Know the Facts about Coronavirus in our Community

Ask a Doc: Talking to Young Kids About COVID-19

Adam Weis, MD, Pediatrician at Rochester Regional Health, says talking to children about the new coronavirus can be challenging for parents and guardians.

August 11, 2020

Woman talking to her child about coronavirus

As school being to reopen, talking to young kids about COVID-19 and how they can help prevent the spread becomes as important as ever. Rochester Regional Health pediatrician Dr. Adam Weis says having COVID conversations can be challenging for all adults, even himself. 

“My six-year-old wonders why grandma and grandpa aren’t coming to visit, and we explain to him that there is a new special cold going around that can be serious for some people,” Dr. Weis said. “We tell him that we’re all staying away from each other at the moment to try and keep everyone safe.”

What else can we say to our young kids? Dr. Weis answers our questions.

How much detail should parents give?

The goal is to provide enough detail so they understand the situation and know how to stay safe, but not cause them fear, confusion, or anxiety.

Try to reframe the conversation and simplify the details. Children don’t need to know the number of positive cases or deaths.

Focus on the positives like what we can do to prevent the spread of the virus and the stories of companies producing face masks and hand sanitizer, as well as the social media movements that people are taking part in. Young children should have a basic understanding of what's going on but not have the full burden of the situation placed on their shoulders.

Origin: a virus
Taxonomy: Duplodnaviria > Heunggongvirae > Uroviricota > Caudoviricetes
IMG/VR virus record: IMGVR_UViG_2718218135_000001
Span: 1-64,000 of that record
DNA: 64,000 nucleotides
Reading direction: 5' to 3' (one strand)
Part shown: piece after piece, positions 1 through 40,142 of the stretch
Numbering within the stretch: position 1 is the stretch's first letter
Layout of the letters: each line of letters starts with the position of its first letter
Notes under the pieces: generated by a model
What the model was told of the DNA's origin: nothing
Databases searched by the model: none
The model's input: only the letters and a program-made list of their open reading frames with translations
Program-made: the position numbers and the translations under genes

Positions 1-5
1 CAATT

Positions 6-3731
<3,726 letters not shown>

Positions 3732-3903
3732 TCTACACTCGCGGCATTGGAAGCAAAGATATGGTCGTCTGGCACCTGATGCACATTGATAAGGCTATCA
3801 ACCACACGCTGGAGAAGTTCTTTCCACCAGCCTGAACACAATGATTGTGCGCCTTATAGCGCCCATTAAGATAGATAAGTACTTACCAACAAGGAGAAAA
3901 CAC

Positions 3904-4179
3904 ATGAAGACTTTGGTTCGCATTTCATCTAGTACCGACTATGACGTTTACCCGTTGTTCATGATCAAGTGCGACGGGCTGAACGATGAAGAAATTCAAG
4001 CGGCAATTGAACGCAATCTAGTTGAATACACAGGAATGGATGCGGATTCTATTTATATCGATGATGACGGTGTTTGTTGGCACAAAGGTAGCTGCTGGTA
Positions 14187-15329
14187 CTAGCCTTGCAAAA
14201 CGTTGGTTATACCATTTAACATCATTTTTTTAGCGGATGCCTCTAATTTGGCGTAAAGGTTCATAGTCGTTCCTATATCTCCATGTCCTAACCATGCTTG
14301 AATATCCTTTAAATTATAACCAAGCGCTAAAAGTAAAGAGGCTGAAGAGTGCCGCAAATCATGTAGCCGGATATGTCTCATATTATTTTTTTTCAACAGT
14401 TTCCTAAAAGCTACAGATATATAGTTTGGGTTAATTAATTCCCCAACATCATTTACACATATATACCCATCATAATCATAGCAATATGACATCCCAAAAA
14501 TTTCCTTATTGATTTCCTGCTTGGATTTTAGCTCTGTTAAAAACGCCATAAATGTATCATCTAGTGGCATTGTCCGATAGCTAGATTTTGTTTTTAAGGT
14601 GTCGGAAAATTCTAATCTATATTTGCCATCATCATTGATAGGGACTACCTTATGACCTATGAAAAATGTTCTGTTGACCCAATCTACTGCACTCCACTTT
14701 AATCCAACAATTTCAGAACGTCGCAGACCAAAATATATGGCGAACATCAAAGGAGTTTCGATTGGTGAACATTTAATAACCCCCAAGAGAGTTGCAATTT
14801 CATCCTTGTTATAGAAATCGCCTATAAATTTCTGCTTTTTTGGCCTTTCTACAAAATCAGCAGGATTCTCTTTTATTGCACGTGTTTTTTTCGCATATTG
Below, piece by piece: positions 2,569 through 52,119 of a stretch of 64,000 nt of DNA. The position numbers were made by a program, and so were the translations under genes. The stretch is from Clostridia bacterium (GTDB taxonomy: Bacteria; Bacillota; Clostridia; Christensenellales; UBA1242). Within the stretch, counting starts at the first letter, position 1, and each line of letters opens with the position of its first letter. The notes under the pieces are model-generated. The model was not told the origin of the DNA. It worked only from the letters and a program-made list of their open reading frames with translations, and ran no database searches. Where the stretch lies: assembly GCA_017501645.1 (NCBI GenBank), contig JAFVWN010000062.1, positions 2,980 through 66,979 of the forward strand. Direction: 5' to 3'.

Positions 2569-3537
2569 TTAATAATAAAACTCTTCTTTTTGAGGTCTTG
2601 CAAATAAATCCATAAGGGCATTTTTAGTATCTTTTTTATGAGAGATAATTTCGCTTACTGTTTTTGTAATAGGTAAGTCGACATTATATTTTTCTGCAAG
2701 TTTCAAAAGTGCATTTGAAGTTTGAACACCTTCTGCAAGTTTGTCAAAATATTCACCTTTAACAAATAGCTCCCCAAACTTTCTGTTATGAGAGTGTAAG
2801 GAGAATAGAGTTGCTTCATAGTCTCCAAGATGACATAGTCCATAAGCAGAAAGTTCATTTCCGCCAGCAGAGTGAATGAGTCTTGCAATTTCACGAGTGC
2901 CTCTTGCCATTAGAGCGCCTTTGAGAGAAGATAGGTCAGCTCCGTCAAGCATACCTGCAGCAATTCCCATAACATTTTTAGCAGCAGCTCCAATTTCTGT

How often should parents check in with their kids?

Parents should check in regularly to ensure their kids know the facts and don't get caught up in rumors. Nowadays, kids have more opportunities to be exposed to harmful topics, and social media, the internet, and chat groups make it easier for them to get information, some of which hasn’t been verified.

It's important that parents know the facts so they can translate that information into a developmentally appropriate and simplified explanation for their kids. 

What about kids who suffer from anxiety?

Anxious children often haven’t developed the coping skills necessary to deal with stressful situations or big changes in their lives.

For parents of anxious kids, it’s essential to practice usual de-stressing activities. Try keeping your kids busy and their minds on other things as much as possible. 

Remind them that doctors and healthcare workers are doing everything they can and helping everyone so they don't get sick.

How to keep kids busy

Since the weather has warmed up, it's become harder to keep kids inside. Generally, letting them play outside is fine as long as they stay with their immediate family members and they continue to practice proper hygiene.

Other great ways to keep them busy include:

  • activity books
  • setting up a schedule for the day
  • activity resources like GoNoodle
  • letting them help with cooking
  • arts and crafts
  • picnic in the garden
  • zoom with family and friends

Anything else parents should know?

Parents must realize that how they say something is just as important as what they say.

Kids are excellent at picking up on body language and recognizing your worries and anxieties through your actions. Parents need to be cognizant of the anxiety level that they show their kids and try to stay calm when discussing the coronavirus. 

My wife and I have made a concerted effort to talk to our kids about the coronavirus but not have them listening in when we're having our adult conversation so they're not hearing us expressing concern to a degree that would scare them.

Avoid letting your young children be present during adult conversations that touch on things like the number of confirmed cases, death rates, the economy, and any “big picture forecasts.”

5 Tips to Keep Kids Brains Busy 

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